Many emotions and feelings go through your brain when a bike is stolen. Loss is one, anger is another.
American writer Patrick Symmes felt this anger even more after viewing CCTV footage of his bike being stolen from a secure stand in broad daylight in New York City.
He couldn’t understand why anyone would want to steal his old blue Novara Metro hybrid or why only one person out of 142 people who walked pass the bike theft in progress actually tried to intervene to stop the bike theft. The bike thieves spent 17 minutes hacking his bike from its locked mooring.
After his anger subsided, Patrick was keen to find out what motivated bike thieves do what they do and in some cases taking the risks of being caught.
He set off to other American cities to research bike theft – Portland and San Francisco. As part of the research, he bought a number of bikes, locked them up, put GPS trackers on then and waited for them to be stolen. Some bikes were stolen, others weren’t but through all this, Patrick was able to see what fuelled America’s bike crime underbelly.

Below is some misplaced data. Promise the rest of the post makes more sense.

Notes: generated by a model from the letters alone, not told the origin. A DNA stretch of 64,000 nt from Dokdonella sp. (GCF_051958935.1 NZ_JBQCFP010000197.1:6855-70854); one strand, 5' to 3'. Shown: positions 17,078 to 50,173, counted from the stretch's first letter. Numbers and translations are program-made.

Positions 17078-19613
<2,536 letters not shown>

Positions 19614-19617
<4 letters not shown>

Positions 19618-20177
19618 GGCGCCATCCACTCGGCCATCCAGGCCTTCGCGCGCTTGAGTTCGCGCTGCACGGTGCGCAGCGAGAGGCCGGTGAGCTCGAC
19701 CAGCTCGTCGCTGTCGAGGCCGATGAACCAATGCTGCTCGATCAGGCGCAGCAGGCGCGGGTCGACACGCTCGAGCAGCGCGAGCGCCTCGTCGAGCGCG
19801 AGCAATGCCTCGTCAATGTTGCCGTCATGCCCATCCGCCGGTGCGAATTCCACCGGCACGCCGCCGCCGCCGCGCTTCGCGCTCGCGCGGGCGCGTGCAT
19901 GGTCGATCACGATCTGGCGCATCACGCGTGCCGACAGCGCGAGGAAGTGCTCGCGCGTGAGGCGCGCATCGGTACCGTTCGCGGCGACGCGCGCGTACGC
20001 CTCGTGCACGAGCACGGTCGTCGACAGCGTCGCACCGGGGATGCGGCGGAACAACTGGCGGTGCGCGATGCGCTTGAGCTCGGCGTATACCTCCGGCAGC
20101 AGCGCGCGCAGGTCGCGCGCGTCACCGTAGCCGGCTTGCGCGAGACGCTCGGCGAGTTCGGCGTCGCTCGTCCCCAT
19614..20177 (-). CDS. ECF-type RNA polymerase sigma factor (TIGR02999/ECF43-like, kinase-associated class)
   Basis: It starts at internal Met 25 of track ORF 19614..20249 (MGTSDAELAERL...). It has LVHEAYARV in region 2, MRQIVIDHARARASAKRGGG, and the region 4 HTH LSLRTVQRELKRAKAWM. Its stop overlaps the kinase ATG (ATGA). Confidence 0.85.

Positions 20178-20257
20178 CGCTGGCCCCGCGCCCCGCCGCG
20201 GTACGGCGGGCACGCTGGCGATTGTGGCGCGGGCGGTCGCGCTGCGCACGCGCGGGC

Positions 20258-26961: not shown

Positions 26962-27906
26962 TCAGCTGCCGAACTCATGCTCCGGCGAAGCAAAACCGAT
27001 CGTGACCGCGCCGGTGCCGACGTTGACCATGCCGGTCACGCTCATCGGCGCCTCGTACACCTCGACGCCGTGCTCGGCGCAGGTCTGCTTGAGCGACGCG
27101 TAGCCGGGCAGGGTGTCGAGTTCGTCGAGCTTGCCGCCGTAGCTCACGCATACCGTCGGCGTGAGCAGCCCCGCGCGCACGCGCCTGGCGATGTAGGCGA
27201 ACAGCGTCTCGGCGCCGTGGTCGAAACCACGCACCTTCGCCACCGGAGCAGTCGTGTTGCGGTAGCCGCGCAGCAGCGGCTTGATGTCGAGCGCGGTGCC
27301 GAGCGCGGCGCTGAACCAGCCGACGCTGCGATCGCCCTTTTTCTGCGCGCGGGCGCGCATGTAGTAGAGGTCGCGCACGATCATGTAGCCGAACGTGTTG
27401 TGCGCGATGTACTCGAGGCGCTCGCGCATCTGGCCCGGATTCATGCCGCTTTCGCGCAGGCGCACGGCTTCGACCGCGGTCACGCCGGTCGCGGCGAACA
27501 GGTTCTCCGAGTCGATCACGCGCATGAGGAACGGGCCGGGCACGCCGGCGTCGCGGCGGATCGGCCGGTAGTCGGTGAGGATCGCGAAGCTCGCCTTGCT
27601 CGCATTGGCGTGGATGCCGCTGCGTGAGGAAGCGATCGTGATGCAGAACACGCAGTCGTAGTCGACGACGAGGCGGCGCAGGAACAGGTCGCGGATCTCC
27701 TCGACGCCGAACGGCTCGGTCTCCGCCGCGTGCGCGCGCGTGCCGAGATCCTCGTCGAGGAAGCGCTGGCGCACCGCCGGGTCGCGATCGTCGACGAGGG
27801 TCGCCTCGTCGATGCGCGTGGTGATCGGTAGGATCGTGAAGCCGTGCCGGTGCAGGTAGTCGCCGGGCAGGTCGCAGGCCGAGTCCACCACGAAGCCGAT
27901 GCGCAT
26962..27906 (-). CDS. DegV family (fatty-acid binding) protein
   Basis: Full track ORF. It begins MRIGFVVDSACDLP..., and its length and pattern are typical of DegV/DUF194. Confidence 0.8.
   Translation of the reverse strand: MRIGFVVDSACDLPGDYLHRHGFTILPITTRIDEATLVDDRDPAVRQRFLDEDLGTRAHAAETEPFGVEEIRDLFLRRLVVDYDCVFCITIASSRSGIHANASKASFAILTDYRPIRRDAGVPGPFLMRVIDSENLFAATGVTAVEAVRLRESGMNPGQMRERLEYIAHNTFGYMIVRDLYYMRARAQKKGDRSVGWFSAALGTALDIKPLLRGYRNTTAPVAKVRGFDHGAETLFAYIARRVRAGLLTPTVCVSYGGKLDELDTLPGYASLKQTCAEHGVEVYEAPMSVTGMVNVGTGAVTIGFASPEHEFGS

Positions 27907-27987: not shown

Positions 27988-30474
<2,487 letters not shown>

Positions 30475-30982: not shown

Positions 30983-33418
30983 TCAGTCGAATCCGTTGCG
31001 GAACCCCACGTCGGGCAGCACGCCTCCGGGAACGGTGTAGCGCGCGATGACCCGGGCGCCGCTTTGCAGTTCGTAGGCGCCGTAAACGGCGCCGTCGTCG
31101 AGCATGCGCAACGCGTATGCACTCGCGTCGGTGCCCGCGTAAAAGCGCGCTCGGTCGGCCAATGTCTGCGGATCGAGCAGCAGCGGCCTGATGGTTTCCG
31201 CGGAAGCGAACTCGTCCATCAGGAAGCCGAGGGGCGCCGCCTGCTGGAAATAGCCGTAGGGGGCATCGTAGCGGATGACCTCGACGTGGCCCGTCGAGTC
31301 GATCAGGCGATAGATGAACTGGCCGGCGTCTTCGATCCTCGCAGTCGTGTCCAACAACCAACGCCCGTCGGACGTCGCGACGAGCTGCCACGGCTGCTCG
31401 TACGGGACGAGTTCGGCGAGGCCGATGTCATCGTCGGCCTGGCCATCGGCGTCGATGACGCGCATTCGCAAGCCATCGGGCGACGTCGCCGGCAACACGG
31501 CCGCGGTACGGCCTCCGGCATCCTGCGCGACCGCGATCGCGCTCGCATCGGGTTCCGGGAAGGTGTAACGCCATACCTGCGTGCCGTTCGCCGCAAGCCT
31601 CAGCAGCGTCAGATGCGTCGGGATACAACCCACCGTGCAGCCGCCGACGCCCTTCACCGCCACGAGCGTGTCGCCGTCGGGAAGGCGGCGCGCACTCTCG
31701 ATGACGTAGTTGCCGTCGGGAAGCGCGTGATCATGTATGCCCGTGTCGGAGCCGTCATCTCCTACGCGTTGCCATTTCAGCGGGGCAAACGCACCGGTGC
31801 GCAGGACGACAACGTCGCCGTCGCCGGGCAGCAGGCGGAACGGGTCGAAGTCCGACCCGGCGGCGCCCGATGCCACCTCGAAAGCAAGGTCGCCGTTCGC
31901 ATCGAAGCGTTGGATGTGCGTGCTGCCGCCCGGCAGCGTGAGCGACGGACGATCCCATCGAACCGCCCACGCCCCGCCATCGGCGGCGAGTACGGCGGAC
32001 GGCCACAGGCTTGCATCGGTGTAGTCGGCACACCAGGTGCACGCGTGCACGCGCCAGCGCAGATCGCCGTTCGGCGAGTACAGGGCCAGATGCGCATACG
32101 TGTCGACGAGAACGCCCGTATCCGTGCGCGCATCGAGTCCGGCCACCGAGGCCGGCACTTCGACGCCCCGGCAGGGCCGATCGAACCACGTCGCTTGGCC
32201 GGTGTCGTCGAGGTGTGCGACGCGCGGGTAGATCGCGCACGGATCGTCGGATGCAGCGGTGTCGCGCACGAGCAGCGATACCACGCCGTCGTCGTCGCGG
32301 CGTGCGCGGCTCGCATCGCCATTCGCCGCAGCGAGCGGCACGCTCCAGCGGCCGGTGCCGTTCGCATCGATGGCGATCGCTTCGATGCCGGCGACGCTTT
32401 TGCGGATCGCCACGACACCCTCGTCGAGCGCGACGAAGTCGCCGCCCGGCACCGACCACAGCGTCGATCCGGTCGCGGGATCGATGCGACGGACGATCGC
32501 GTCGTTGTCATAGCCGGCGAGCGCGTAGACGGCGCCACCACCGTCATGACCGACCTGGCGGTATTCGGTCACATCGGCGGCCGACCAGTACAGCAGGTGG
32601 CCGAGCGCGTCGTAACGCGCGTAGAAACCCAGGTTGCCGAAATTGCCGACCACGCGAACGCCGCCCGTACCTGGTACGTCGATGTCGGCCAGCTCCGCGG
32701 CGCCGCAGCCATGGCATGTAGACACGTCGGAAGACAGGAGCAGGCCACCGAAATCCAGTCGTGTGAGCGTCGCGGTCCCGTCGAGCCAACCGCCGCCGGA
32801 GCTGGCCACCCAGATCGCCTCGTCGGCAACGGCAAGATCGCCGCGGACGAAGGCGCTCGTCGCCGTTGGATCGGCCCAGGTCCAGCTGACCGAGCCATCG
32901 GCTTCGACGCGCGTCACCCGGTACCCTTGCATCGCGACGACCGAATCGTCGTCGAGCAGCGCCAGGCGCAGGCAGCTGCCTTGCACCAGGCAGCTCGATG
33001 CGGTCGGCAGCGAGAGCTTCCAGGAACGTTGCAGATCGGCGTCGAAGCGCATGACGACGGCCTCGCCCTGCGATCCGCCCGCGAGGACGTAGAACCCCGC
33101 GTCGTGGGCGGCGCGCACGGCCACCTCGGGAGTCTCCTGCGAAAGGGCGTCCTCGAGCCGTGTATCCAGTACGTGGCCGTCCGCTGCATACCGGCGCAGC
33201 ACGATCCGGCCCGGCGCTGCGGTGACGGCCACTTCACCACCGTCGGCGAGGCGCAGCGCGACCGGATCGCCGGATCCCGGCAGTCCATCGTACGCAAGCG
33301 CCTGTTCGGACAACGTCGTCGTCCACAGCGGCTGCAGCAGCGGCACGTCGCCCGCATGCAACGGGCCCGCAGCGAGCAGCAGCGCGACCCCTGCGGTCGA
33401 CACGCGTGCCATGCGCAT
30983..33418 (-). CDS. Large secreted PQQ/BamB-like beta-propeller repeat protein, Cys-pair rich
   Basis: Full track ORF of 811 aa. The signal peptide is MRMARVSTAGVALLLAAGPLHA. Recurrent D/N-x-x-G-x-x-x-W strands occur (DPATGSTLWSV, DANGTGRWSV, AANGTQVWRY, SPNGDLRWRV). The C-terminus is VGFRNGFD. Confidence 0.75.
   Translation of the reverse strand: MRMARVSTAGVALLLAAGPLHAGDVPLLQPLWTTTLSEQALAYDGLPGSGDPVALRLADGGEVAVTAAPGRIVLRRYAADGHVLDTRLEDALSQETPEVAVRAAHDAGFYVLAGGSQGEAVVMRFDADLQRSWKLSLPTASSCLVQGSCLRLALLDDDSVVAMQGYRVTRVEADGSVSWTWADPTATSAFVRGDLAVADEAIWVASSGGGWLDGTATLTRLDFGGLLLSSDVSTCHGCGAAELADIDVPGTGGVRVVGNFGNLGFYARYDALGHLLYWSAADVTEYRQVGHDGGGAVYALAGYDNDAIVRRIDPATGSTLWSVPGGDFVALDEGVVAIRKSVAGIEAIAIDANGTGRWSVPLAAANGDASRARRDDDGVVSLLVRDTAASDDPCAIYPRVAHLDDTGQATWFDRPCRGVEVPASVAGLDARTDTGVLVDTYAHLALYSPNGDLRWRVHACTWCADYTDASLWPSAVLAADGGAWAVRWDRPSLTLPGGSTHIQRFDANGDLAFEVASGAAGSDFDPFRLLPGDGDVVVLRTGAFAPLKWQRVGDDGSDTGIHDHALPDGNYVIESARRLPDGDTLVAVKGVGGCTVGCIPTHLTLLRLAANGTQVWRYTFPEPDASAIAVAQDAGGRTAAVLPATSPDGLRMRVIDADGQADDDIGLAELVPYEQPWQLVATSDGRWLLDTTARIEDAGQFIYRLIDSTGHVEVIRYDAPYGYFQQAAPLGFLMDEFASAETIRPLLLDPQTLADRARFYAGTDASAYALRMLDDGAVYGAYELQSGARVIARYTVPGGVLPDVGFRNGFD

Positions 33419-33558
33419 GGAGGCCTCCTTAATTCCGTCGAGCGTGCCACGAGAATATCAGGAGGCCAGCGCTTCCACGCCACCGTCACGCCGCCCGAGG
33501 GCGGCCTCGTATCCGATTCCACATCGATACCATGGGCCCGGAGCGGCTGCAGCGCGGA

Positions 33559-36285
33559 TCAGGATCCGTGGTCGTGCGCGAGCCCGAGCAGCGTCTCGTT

Writing for American magazine Outside, Patrick tells a story of how stolen bicycles have become a “solvent” in America’s underground economy.
“America’s rough streets there are four forms of currency: Cash, sex, drugs and bicycles. And of those, only one is routinely left outside unattended,” he writes.
You can find the full article on Outside, it is a superbly written piece (in the old style of American journalism) that is well worth the read.
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